It’s difficult to write about death in a way that isn’t morose or dispiriting. The subject, long turned over by artists of all kinds, is inherently sad. But on Chasing White Light (eOne Music/Fast Plastic), The Lonely Wild reflects on death in a way that is both accepting and uplifting. The album, which follows the Los Angeles group’s 2013 effort The Sun As it Comes, was born last year as frontman Andrew Carroll was faced with the death of his wife’s grandmother. “When that happens to people you know and love, you often pause and reflect on people you’ve known who’ve passed away,” he notes. “And then the topic started coming out in songs naturally.”

    “Scar,” a folksy indie rock tune, was one of the first songs to emerge during that process. The reflective track recounts the passing of Andrew’s childhood friend who died after they’d grown apart. “That was a moment of pause for me,” he says. “You wonder what could have happened if you were still part of that person’s life.” The rest of the album followed easily. “Snow,” a soaring, vintage-tinged number, raises questions about life and death, eventually conceding that there is no afterlife and that’s okay, encouraging the idea that you should live for now. “Running,” a song that offers the album its title in its lyrics, traces similar themes. It acknowledges the white light you supposedly run to upon death, but also sees that light as a metaphor for whatever you’re chasing while alive. It asks the listener to live in the moment and follow the thing that compels them. 

    Once written, these songs were transformed at John Vanderslice’s Tiny Telephone Studios in San Francisco. Working with Vanderslice marked the band’s first experience with a producer on an album. He had a huge impact on the sonic landscape of Chasing White Light, affording the musicians the opportunity to use antique instruments like harpsichord and cello, as well as analog synthesizers and electric organs, and recorded the entire album to tape. Instead of recreating the band’s demos, Vanderslice forced them out of their comfort zone, encouraging each song to evolve into its best incarnation. It was a deeply liberating experience for the band.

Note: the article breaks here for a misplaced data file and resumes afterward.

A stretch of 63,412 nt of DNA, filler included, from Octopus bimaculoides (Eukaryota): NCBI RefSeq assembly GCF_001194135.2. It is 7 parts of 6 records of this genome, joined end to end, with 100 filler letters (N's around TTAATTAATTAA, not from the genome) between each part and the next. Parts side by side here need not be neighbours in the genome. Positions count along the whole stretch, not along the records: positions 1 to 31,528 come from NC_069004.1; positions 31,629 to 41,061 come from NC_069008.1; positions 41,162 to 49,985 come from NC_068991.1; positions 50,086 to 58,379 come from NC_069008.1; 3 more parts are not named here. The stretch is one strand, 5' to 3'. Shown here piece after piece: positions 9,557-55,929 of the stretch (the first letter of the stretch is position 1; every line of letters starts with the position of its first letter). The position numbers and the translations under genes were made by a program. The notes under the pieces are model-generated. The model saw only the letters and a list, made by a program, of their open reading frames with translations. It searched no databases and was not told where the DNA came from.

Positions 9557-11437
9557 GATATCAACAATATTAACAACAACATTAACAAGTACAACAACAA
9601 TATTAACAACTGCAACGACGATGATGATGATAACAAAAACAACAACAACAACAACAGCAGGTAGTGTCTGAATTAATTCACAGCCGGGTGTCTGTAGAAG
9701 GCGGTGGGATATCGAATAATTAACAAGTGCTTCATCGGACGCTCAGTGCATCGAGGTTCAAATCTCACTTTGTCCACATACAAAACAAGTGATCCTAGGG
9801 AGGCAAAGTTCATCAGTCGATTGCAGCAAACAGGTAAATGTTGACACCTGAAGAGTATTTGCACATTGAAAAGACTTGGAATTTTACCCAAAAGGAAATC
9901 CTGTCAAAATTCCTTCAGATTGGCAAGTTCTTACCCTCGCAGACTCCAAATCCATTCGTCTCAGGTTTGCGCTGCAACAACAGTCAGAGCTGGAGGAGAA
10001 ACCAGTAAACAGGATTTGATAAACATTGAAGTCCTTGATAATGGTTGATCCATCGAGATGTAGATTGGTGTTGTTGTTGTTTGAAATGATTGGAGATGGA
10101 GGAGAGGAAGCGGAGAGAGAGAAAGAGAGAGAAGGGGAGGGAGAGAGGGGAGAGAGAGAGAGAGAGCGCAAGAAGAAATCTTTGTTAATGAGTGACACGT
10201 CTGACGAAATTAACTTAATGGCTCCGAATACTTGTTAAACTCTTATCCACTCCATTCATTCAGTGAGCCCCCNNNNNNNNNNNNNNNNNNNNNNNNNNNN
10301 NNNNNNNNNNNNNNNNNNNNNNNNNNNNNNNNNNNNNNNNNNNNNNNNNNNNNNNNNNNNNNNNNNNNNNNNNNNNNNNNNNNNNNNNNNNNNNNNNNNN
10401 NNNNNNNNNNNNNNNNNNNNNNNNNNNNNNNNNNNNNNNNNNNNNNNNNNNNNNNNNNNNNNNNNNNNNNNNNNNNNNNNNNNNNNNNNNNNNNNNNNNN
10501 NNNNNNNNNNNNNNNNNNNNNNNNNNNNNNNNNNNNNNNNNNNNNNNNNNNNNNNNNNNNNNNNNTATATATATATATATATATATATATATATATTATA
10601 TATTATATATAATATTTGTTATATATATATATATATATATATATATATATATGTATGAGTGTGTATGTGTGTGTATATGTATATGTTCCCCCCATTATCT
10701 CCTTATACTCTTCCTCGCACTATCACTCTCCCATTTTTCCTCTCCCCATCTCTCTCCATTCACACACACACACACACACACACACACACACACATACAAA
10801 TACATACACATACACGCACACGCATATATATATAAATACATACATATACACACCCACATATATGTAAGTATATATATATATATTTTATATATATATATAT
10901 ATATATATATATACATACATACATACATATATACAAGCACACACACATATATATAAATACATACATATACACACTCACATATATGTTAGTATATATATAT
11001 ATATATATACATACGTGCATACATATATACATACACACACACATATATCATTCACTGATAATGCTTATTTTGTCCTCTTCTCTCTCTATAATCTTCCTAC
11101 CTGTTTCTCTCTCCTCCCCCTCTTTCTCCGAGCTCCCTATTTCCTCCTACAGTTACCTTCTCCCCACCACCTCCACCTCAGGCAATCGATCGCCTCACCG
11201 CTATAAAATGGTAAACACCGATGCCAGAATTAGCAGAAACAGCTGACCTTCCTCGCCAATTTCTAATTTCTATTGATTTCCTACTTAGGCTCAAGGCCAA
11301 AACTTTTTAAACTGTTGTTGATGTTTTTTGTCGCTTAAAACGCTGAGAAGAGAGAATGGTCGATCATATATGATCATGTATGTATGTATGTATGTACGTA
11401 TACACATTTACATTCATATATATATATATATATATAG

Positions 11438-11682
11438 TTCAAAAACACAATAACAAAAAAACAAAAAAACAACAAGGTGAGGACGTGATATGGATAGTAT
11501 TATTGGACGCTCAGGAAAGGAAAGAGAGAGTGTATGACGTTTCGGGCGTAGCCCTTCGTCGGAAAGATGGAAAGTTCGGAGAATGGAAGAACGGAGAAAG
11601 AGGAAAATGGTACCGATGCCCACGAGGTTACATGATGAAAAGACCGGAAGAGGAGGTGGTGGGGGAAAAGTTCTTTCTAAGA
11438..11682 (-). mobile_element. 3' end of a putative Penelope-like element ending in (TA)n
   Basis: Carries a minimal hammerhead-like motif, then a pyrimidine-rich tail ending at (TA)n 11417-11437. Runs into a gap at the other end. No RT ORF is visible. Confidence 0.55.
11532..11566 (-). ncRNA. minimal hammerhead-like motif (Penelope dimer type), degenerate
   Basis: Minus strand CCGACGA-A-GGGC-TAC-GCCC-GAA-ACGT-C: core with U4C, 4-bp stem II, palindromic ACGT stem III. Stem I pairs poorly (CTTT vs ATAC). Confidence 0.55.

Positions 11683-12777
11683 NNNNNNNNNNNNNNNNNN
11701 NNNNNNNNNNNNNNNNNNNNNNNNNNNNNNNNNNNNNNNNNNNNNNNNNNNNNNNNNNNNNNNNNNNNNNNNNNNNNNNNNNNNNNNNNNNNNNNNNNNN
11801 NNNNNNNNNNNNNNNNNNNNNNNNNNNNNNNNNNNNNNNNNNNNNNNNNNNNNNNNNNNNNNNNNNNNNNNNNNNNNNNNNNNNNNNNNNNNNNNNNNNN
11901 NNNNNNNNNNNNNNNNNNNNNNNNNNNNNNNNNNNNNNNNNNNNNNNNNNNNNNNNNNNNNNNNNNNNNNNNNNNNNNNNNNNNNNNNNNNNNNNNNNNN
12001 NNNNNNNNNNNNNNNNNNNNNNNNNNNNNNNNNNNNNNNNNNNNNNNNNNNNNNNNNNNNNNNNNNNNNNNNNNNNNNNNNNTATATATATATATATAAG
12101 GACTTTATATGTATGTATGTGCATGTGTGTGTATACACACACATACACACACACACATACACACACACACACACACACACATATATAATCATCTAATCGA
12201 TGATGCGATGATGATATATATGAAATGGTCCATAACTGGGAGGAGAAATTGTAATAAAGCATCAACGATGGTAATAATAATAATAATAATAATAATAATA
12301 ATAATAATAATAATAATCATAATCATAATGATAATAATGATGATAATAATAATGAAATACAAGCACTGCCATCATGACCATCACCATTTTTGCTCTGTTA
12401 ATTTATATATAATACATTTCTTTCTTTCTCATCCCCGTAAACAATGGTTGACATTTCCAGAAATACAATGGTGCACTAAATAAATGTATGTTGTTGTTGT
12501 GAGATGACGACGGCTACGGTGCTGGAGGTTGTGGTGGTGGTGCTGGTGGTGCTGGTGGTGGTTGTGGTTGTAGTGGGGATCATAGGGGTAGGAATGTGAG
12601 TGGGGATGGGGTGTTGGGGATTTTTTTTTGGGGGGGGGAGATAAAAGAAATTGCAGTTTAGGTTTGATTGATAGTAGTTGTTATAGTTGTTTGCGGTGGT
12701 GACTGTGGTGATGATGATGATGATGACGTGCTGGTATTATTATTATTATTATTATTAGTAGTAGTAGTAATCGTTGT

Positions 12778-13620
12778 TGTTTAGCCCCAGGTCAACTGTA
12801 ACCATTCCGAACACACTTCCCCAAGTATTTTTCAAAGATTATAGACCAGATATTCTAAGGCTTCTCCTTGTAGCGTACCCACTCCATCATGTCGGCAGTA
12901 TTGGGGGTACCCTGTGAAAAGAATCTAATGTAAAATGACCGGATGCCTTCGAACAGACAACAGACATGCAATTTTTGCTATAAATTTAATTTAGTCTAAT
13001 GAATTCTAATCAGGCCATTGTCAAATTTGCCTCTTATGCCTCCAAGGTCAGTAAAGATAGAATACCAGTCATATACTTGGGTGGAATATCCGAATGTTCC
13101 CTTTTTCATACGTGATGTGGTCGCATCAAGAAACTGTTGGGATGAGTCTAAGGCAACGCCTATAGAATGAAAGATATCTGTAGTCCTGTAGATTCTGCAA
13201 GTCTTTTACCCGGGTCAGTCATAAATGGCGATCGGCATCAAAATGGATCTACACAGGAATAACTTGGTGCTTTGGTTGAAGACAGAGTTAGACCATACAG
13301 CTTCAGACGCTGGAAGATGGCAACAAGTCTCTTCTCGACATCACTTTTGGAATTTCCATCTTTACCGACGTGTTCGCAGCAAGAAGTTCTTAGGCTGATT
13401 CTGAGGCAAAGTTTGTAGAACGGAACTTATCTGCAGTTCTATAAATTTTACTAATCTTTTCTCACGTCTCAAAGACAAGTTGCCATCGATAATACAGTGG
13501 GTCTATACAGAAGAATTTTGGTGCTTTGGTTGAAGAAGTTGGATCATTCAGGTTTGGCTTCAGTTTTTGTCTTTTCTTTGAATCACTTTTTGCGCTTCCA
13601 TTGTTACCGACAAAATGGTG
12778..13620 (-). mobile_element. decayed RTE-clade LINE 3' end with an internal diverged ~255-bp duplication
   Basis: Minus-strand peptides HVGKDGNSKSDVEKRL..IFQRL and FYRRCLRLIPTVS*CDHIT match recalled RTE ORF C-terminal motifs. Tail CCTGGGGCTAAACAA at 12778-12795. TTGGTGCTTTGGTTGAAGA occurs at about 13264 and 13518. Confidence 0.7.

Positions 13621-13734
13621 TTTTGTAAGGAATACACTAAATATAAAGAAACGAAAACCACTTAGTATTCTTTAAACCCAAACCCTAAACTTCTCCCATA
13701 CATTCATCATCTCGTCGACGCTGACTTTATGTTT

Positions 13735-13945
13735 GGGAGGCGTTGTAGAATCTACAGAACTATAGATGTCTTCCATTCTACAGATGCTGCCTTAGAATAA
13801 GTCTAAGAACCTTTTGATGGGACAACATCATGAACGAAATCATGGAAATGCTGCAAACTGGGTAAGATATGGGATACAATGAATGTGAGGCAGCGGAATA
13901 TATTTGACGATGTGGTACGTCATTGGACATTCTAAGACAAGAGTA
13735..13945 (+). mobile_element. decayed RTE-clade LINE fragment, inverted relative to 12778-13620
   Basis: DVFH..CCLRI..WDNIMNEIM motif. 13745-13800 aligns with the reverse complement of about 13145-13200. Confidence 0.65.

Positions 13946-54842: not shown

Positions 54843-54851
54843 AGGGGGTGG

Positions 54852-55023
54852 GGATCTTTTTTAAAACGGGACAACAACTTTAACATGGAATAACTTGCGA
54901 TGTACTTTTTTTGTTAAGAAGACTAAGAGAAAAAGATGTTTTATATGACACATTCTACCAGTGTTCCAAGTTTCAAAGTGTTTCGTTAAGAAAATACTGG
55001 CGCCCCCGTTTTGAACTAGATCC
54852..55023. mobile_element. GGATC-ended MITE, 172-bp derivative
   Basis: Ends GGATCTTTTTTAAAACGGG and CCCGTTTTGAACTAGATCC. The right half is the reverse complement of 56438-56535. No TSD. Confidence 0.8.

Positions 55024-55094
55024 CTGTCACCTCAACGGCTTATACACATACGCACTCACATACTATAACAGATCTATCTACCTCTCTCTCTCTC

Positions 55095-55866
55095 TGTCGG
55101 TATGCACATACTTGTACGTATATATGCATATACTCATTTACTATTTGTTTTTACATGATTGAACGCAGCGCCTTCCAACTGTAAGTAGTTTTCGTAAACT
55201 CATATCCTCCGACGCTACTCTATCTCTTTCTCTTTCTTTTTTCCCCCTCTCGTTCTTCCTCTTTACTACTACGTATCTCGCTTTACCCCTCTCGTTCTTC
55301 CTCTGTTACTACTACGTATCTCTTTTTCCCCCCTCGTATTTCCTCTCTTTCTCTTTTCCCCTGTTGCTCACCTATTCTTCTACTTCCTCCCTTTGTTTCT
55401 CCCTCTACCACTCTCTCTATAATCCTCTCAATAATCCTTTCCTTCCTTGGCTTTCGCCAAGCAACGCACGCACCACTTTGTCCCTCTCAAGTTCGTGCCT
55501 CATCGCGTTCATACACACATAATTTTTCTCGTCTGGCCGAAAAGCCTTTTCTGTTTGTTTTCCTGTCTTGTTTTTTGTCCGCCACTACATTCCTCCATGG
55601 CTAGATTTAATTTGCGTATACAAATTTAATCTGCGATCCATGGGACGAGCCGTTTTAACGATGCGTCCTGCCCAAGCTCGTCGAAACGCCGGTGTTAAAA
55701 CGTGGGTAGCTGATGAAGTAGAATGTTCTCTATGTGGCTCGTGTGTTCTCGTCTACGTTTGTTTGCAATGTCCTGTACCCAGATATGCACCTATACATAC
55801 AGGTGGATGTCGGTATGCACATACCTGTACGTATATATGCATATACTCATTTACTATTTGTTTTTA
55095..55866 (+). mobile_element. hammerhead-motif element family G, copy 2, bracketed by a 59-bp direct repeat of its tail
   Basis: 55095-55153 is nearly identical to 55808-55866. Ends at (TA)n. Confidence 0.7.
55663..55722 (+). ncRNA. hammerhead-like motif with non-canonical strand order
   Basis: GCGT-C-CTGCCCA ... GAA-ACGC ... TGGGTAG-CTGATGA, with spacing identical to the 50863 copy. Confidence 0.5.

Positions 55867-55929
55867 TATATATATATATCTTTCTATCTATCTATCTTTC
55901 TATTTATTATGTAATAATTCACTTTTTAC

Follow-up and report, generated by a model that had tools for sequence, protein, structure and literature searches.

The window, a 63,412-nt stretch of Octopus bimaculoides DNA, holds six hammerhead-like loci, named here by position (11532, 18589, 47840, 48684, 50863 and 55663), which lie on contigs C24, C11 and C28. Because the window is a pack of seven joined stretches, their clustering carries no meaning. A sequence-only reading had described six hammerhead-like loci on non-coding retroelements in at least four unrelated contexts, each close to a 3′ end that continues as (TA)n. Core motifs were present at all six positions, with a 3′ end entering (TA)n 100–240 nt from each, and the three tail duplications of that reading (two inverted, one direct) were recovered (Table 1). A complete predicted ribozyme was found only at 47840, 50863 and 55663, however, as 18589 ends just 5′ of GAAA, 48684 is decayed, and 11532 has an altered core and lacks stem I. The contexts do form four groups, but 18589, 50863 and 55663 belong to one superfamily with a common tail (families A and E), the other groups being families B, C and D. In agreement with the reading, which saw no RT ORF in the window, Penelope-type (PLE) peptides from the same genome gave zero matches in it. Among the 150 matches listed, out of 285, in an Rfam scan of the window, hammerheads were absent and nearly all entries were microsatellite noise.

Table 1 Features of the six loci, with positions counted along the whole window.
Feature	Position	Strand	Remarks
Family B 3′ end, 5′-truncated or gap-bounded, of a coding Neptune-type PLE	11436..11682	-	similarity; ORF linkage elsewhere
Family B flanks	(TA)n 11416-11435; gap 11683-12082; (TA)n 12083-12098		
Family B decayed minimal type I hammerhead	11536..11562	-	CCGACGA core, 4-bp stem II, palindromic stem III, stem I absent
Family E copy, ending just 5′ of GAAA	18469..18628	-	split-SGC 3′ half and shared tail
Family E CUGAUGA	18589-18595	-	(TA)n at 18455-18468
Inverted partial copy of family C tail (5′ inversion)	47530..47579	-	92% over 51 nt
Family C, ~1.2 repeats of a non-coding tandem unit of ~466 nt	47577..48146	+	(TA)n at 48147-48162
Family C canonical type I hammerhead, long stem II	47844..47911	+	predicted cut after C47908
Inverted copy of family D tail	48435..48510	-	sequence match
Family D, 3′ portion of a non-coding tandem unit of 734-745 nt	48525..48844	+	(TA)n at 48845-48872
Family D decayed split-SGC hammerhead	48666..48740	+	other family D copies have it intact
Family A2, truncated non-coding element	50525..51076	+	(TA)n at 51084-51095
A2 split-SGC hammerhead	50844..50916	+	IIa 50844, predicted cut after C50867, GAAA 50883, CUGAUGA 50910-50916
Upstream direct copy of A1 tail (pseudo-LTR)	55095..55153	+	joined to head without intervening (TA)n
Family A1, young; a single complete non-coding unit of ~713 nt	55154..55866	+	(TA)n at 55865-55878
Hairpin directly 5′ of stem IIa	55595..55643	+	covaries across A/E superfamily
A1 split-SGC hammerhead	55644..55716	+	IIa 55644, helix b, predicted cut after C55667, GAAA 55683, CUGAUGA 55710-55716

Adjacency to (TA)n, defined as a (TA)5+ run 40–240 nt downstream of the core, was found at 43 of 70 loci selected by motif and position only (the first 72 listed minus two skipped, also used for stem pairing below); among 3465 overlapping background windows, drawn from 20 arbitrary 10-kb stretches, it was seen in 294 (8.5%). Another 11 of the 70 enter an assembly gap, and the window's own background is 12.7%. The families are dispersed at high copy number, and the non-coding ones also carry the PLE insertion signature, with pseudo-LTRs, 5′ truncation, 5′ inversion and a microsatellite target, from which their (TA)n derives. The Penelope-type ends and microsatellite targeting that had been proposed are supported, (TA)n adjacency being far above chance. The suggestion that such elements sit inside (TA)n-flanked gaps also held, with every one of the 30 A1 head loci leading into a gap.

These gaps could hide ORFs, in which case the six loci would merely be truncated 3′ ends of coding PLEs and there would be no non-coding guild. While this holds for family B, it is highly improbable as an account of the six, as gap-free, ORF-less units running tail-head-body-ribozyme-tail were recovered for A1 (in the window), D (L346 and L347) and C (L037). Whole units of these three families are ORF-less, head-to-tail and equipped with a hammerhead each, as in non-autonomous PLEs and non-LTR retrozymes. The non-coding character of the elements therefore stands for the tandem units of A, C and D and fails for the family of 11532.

“We weren’t following a checklist of tracks to record” Andrew explains. “We listened more closely to the songs to hear what they needed and what sounded best. It totally transformed the songs. Recording to tape really helped shaped the performances. We didn’t pick everything apart. It’s raw. There’re mistakes in there. It was more about capturing a performance and that live energy and the emotive quality of the music, rather than making something polished and pitch perfect.” He adds, “We got a little weirder with the instrumentation and let the songs speak with unique voices. We didn’t want to fall back onto any one genre.”

    The Lonely Wild’s touring experience also impacted the album. Over the past few years, the group, which formed in 2010, has performed with Damien Rice, Apache Relay, The Lone Bellow, Lord Huron, Laura Marling, Phosphorescent, Dwight Yoakam and Black Rebel Motorcycle Club, and at festivals like South by Southwest, First City Festival, Echo Park Rising, Cask and Drum Festival and Jubilee. The band has sold out nearly a dozen shows in their hometown of Los Angeles, and expanded their live show to feel as dynamic and exciting as possible. On Chasing White Light, the musicians wanted to bring that sense of exhilaration to the recording. “There’s a sense of urgency to this record that we didn’t have on previous records,” Andrew says. “It’s much more immediate. Some of that comes from the theme, but a lot comes from playing shows a lot. We turned into a louder band.”

    In the end, Chasing White Light comes to some sort of acceptance. You will die, but that doesn’t have to be mournful or disheartening. It encourages you to stay in the moment and follow your own bliss, rather than live for some future promise of an afterlife. It’s a musical journey that leaves you uplifted and encouraged, even as it considers one of life’s darkest subjects. “This album doesn’t dwell on the despair of it all,” Andrew confirms. “It’s about looking at death for what it is – something we all go through at some point. It’s that great mystery and no one really knows what happens. You’re never going to know until you get there. And you have to come to terms with that. Through writing these songs I’ve come to accept it and not totally fear it. And I hope our fans can too.”

Show This & GOLDTOOTH, INC present

THE FAMILY CREST with The Lonely Wild

Fri Jul 10 2015 9:00 PM - 2:00 AM

(Doors 8:00 PM)

Mercy Lounge Nashville TN
THE FAMILY CREST with The Lonely Wild
  • Sorry, you missed this event.
  • Check out other similar events on TicketWeb.

$10 adv / $12 Day Of Show Ages 18+